 One of the most important functions of a network operating system is its ability to
share resources with other network users. The most common resource that’s
shared is the server’s file system. A network server must be able to share some or
all of its disk space with other users so that those users can treat the server’s disk
space as an extension of their own computer’s disk space.
 The NOS (Network Operating System) allows the system administrator to
determine which portions of the server’s file system to share. Although an entire
hard drive can be shared, it is not commonly done. Instead, individual directories
or folders are shared. The administrator can control which users are allowed to
access each shared folder.
 Because file sharing is the reason many network servers exist, network operating
systems have more sophisticated disk management features than are found in
desktop operating systems. For example, most network operating systems have the
ability to manage two or more hard drives as if they were a single drive. In
addition, most can create mirrors, which automatically keeps a backup copy of a
drive on a second drive.
Security services
 All network operating systems must provide some measure of security to protect
the network from unauthorized access. Hacking seems to be the national pastime
these days. With most computer networks connected to the Internet, anyone
anywhere in the world can and probably will try to break into your network.
 The most basic type of security is handled through user accounts, which grant
individual users the right to access the network resources and govern what
resources the user can access. User accounts are secured by passwords; therefore,
good password policy is a cornerstone of any security system.
 Most network operating systems let you establish password policies, such
Microsoft’s Server Operating Systems as requiring that passwords have a minimum
length and include a mix of letters and numerals. In addition, passwords can be set
to expire after a certain number of days, so users can be forced to frequently
change their passwords.
 Most network operating systems also provide for data encryption, which scrambles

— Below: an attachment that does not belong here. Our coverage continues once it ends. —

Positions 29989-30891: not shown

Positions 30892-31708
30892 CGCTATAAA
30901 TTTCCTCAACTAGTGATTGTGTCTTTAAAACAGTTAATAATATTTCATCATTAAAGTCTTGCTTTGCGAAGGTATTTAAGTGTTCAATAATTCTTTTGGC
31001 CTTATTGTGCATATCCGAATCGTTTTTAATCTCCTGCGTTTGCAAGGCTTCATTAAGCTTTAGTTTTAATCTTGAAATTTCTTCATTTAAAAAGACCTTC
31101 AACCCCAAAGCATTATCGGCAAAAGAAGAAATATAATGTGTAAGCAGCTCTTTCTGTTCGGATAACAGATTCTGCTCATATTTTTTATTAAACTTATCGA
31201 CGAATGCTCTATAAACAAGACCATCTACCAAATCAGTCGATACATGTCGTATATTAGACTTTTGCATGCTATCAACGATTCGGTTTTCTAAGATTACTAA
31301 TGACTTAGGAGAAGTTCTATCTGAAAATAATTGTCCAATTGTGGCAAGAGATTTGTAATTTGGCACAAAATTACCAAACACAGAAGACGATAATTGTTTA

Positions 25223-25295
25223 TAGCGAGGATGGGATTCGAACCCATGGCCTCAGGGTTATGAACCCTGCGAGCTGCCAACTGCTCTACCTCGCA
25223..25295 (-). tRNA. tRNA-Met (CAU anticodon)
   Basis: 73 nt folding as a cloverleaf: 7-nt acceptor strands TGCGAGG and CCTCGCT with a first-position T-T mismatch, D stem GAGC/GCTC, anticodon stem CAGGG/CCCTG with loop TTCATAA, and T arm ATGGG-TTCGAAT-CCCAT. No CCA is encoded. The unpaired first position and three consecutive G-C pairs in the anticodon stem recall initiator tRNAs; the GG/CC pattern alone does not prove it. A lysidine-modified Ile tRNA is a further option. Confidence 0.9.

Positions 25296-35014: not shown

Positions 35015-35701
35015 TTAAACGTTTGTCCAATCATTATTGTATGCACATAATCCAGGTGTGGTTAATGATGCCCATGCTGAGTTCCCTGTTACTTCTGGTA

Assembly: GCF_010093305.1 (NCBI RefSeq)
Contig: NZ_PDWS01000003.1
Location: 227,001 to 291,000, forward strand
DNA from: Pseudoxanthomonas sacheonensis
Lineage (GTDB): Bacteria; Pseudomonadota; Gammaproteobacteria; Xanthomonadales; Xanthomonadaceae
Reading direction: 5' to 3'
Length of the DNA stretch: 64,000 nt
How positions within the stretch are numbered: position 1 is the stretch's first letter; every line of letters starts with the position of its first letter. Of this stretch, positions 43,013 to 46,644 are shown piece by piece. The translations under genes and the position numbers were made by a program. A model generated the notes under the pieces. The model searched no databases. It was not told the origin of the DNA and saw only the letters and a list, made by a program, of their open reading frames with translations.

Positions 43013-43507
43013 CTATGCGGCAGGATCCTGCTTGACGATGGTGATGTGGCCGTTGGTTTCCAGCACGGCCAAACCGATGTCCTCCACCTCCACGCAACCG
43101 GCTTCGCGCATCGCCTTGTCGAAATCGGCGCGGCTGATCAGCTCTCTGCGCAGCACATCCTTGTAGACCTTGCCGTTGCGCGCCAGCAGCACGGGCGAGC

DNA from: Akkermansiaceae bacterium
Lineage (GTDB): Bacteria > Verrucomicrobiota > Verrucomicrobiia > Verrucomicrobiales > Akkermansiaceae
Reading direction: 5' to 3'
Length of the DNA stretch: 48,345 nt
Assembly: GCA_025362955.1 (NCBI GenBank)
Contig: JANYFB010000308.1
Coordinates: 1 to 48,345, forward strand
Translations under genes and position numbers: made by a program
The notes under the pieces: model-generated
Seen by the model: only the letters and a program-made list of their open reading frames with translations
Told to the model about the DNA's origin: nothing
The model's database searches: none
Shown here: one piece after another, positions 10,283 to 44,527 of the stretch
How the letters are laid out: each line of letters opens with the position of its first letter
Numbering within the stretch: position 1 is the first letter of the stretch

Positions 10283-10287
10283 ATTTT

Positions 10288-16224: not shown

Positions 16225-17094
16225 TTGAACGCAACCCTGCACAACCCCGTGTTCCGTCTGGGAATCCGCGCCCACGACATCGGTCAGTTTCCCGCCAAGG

data before it is sent over the network or saved on disk, and digital certificates,
which are used to ensure that users are who they say they are and files are what
they claim to be.
Directory services

Directories are essential ways of storing information. Network directories provide
information about the resources that are available on the network, such as users, computers,
printers, shared folders, and files. Directories are an essential part of any network operating
system.

In early network operating systems, such as Windows NT 3.1 and NetWare 3.x, each server
computer maintained its own directory database of resources that were available just on
that server. The problem with that approach was that network administrators had to
maintain each directory database separately.

That wasn’t too bad for networks with just a few servers, but maintaining the directory on a
network with dozens or even hundreds of servers was next to impossible. In addition, early
directory services were application-specific. For example, a server would have one directory
database for user logins, another for file sharing, and yet another for e-mail addresses. Each
directory had its own tools for adding, updating, and deleting directory entries.

Modern network operating systems provide global directory services that combine the
directory information for an entire network and for all applications so that it can be treated
as a single integrated database. These directory services are based on an ISO standard called
X.500. In an X.500 directory, information is organized hierarchically. For example, a
multinational company can divide its user directory into one or more countries, each country
can have one or more regions, and, in turn, each region can have one or more departments.
Network Support

A network operating system must support a wide variety of networking protocols
in order to meet the needs of its users. That’s because a large network typically
consists of a mixture of various versions of Windows, as well as Macintosh and
possibly Linux computers. As a result, the server may need to simultaneously
support TCP/IP, NetBIOS, and AppleTalk protocols.

Many servers have more than one network interface card installed. In that case,
the NOS must be able to support multiple network connections. Ideally, the NOS
should have the ability to balance the network load among its network interfaces.
In addition, in the event that one of the connections fails, the NOS should be able
to seamlessly switch to another connection.

Finally, most network operating systems include a built-in ability to function as a
router that connects two networks. The NOS router functions should also include
firewall features in order to keep unauthorized packets from entering the local
network.
P3.3 – Task 12 – Describe File Sharing Services, Security Services, Directory Services